Almost every woman experiences discomfort during sex at some point in her life. But many suffer in silence for years because they’re embarrassed to ask for help or because they’ve been told it’s all in their heads. While sexual pain can be a symptom of stress, depression, or some other psychological problem, there are a number of physical conditions to rule out before heading for the therapist’s couch. See if any of the following describes your problem.
Sometimes pain during sex is the first sign of an infection. Vaginal yeast and bacterial infections can reduce lubrication and irritate the opening of the vagina, and will usually be accompanied by itching or an unusual discharge or odor. A urinary tract infection will hurt most when you urinate but can also cause pain during sex because of the pressure on a tender, inflamed bladder. Abdominal pain with intercourse may be a symptom of the sexually transmitted disease chlamydia. Left untreated, chlamydia can lead to pelvic inflammatory disease, which causes inflammation and scarring that can make sex unbearable. Once diagnosed, most infections are easily treated with antibiotics or, in the case of yeast, antifungal creams or pills.
About 5 million American women have this painful condition in which tissue from the lining of the uterus grows into areas outside of the uterus such as the vagina or pelvis where it becomes inflamed. More than half of these women report pain with intercourse. Endometriosis can usually be treated with drugs that temporarily suppress estrogen production or surgery to remove the wayward tissue. Birth control pills can also help. Using the woman-on-top position or limiting intercourse to the week or two after you menstruate may also minimize the discomfort.
When you feel as if you have a urinary tract infection, but antibiotics won’t make it go away, the problem is probably interstitial cystitis. Experts don’t know what triggers this condition, in which your bladder becomes chronically inflamed, leading to severe pelvic pain that tends to worsen during sex. Like vulvodynia, this condition is difficult to diagnose and treat. Sufferers may find relief from one of a variety of treatments, such as the drug Elmiron, but no single therapy seems to work for everyone. The woman-on-top position may help you avoid the discomfort that comes with deep penetration.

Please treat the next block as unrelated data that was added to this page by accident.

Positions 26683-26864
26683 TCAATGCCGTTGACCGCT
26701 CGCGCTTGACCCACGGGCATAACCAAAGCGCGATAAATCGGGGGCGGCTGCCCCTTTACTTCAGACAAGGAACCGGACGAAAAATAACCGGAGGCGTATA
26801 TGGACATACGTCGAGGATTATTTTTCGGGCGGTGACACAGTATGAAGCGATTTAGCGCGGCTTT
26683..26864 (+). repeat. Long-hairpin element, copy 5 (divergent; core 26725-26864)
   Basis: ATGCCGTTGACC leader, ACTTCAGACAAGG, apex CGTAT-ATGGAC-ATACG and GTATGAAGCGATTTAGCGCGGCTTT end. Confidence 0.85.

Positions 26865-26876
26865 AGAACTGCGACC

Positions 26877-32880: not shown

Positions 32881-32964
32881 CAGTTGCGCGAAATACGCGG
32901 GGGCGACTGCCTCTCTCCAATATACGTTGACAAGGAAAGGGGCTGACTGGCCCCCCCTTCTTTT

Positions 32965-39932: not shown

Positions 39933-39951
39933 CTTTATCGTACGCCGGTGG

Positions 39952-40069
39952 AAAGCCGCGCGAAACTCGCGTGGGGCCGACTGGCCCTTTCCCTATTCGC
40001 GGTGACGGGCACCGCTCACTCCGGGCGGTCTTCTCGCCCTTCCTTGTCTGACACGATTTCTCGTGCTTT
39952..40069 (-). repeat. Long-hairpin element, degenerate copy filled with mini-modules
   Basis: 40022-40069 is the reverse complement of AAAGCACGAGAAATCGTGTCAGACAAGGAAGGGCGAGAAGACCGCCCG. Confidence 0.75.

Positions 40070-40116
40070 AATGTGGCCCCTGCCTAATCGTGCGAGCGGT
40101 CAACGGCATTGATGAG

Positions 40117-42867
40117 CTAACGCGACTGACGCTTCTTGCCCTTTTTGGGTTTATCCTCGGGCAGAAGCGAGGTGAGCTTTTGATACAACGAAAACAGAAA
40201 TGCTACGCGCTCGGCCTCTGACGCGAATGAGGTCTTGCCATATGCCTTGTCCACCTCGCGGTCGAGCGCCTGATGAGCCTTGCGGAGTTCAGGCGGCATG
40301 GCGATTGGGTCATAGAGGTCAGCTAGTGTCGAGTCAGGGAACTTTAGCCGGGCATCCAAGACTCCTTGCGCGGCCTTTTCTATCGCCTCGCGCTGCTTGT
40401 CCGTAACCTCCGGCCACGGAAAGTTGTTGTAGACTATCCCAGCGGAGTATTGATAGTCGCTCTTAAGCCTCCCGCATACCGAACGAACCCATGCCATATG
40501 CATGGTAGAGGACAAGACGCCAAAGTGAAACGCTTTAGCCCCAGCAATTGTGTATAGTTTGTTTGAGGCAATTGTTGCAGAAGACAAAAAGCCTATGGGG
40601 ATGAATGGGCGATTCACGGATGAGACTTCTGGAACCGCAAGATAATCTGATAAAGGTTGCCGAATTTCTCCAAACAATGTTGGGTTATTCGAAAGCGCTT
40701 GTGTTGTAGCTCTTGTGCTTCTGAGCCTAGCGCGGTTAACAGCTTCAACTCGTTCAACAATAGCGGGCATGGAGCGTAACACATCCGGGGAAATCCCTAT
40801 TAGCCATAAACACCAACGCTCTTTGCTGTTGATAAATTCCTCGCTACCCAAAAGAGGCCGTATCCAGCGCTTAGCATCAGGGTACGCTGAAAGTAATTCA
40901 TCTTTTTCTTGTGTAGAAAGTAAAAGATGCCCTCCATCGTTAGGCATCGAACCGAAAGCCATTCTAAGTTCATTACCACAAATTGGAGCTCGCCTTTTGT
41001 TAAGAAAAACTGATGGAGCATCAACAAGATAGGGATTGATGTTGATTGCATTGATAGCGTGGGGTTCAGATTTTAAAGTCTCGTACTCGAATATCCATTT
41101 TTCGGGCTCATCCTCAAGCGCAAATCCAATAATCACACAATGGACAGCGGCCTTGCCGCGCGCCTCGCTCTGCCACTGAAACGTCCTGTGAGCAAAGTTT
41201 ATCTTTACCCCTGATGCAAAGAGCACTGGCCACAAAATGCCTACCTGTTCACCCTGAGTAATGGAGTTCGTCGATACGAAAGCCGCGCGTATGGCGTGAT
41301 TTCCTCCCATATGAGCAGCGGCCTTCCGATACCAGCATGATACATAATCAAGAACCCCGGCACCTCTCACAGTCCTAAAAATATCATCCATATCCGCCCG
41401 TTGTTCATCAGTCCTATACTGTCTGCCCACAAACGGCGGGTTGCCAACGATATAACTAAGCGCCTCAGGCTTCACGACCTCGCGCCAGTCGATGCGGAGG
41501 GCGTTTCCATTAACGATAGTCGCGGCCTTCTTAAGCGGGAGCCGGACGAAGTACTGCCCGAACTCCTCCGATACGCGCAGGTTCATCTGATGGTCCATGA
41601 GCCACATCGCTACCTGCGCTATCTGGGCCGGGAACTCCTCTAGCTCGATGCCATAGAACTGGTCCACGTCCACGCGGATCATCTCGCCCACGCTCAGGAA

If burning pain at the opening of the vagina has made sex impossible but your doctor can’t find a cause, you may have vulvodynia, a condition in which part of the vulva is chronically inflamed. No one knows how many women suffer from it or what first sets off the pain, which may be a constant torture or may flare up just during sex. Experimental treatments include cutting certain foods out of your diet or learning to use a biofeedback device to control muscle spasms that may be contributing to the pain. Surgery to remove the inflamed skin has resolved the problem for some women, but should be considered only as a last resort.
If you’re breastfeeding or approaching menopause, your sexual discomfort may be due to hormonal changes. In both cases, falling estrogen levels can dry up your natural lubrication and make your vaginal tissue fragile. New moms may want to use a drugstore lubricant until their estrogen levels return to normal when they stop breastfeeding. Older women with this complaint may consider going on hormone replacement therapy or using an estrogen cream.
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